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What are grandparents going to do?

What are grandparents going to do?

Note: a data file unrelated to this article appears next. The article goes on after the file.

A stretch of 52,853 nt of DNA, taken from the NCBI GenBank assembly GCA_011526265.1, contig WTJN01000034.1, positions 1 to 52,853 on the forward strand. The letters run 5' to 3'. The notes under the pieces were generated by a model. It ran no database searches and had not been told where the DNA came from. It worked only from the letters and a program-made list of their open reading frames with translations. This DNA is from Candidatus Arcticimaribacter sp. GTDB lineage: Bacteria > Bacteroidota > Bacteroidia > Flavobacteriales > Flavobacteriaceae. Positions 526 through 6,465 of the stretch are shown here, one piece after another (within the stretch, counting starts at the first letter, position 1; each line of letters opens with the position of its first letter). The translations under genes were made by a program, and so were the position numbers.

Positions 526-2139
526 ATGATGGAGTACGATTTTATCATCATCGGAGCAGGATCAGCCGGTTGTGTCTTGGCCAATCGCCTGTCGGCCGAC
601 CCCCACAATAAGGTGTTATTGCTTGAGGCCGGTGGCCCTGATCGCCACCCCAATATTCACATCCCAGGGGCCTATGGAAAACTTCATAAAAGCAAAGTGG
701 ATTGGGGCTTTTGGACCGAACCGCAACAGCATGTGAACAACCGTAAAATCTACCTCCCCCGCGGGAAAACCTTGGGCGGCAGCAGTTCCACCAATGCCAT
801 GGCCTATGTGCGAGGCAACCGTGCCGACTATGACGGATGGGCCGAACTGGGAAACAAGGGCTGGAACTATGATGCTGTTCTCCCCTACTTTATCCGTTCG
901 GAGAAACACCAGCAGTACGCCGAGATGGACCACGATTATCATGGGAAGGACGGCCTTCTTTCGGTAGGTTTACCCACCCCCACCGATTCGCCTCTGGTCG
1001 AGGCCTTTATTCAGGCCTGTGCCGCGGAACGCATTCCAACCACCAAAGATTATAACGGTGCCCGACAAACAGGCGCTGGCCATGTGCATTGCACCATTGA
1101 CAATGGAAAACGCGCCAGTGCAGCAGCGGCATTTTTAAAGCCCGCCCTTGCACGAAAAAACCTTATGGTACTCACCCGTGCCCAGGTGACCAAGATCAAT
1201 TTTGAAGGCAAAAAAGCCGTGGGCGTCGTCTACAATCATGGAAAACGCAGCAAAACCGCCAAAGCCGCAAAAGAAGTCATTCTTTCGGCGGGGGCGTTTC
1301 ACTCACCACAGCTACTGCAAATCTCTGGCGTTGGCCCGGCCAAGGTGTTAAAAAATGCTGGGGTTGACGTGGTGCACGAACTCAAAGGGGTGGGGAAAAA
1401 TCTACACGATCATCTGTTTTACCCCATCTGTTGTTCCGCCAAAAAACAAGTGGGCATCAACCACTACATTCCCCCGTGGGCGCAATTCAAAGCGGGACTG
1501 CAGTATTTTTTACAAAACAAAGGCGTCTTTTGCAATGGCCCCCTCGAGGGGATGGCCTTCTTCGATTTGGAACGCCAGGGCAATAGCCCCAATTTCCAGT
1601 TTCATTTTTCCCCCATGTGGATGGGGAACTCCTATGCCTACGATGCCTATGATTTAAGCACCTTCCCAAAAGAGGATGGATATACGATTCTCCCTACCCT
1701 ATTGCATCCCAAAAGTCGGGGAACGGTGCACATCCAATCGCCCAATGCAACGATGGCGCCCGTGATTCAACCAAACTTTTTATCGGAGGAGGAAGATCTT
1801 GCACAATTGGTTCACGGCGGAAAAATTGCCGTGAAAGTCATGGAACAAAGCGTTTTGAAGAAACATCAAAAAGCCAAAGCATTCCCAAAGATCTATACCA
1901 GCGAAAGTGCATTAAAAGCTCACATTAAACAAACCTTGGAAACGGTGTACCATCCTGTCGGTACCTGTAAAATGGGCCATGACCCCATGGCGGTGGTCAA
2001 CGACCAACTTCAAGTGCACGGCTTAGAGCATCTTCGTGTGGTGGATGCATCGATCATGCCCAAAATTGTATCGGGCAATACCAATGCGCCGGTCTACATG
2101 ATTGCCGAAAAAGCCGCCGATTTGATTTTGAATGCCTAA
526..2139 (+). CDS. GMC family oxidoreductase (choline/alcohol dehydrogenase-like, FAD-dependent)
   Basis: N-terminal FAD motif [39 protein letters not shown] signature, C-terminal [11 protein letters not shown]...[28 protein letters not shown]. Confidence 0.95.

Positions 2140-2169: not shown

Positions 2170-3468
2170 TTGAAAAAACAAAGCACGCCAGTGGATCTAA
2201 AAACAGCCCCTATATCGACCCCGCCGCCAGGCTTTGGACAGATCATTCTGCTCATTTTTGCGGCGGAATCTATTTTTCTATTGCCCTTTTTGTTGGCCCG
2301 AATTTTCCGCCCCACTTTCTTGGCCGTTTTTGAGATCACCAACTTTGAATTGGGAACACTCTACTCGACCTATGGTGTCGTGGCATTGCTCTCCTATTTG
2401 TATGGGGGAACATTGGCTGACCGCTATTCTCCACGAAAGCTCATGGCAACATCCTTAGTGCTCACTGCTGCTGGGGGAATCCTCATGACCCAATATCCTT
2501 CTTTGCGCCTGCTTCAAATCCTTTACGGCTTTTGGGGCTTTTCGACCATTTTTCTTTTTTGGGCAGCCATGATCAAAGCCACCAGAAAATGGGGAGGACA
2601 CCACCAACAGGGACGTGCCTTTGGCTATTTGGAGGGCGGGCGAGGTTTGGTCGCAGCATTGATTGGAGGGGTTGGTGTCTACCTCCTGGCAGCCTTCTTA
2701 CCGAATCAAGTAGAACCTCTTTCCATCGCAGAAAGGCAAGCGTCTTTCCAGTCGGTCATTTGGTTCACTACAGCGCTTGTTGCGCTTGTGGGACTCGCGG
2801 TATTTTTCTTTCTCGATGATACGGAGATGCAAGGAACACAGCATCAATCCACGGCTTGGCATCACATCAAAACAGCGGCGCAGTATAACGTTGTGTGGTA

To stay sane in this crazy world of ours, we somehow have to find a way to deal with the hand we have been dealt; and it’s not a pretty hand. Those of us who are on the downslope of life, i.e., we have lived more years than we have remaining, tend to value the time we have left more than we did when we were, say, in our 20s or 30s. In our teens, we thought we could live forever. Ah, those long ago days, how I miss them. Now, those of us who are living out our twilight years, hoping that medical science will somehow find a way to extend average life expectancy to 130, having to put up with this new SARS coronavirus $#@* and its impact on the world, courtesy of the close-mouthed commies who run China and still won’t allow world scientists access to the area where the virus first surfaced, must accept the risk of catching it. Odds say that those of us who catch it will not die, but just dealing with moderate cases of COVID-19, much less the severe ones that may lead to being placed on a ventilator, is no fun, based on the many stories published so far about the survivors. Latest story I saw, quoted a 14-year-old male teen who had been hospitalized with a severe inflammatory syndrome, who said that the disease made him feel as if “fire” was running through his veins. Thankfully, he recovered. Sound fun? I don’t think so either; and he was only 14, in prime shape by the pictures I saw of him. Think of how that might feel if you’re in your 50s, 60s, or 70s. The biggest dilemma I’m facing right now has to do with our grandkids. We haven’t seen them since March, and I’m really not sure I want to risk it now, because as I sit here today (Tuesday), I have no idea if I’m infected or not. Nor do you. None of us do unless we have already been diagnosed positive. If so, you have my sympathies. Obviously, there are many other grandparents who feel like I do; my wife, Jan, among them. I remember the pre-virus days, early March, and how I treated every day life as a given. The simple things we used to do – visit the grandkids, play with them, bring them toys, play tea party, listen ...

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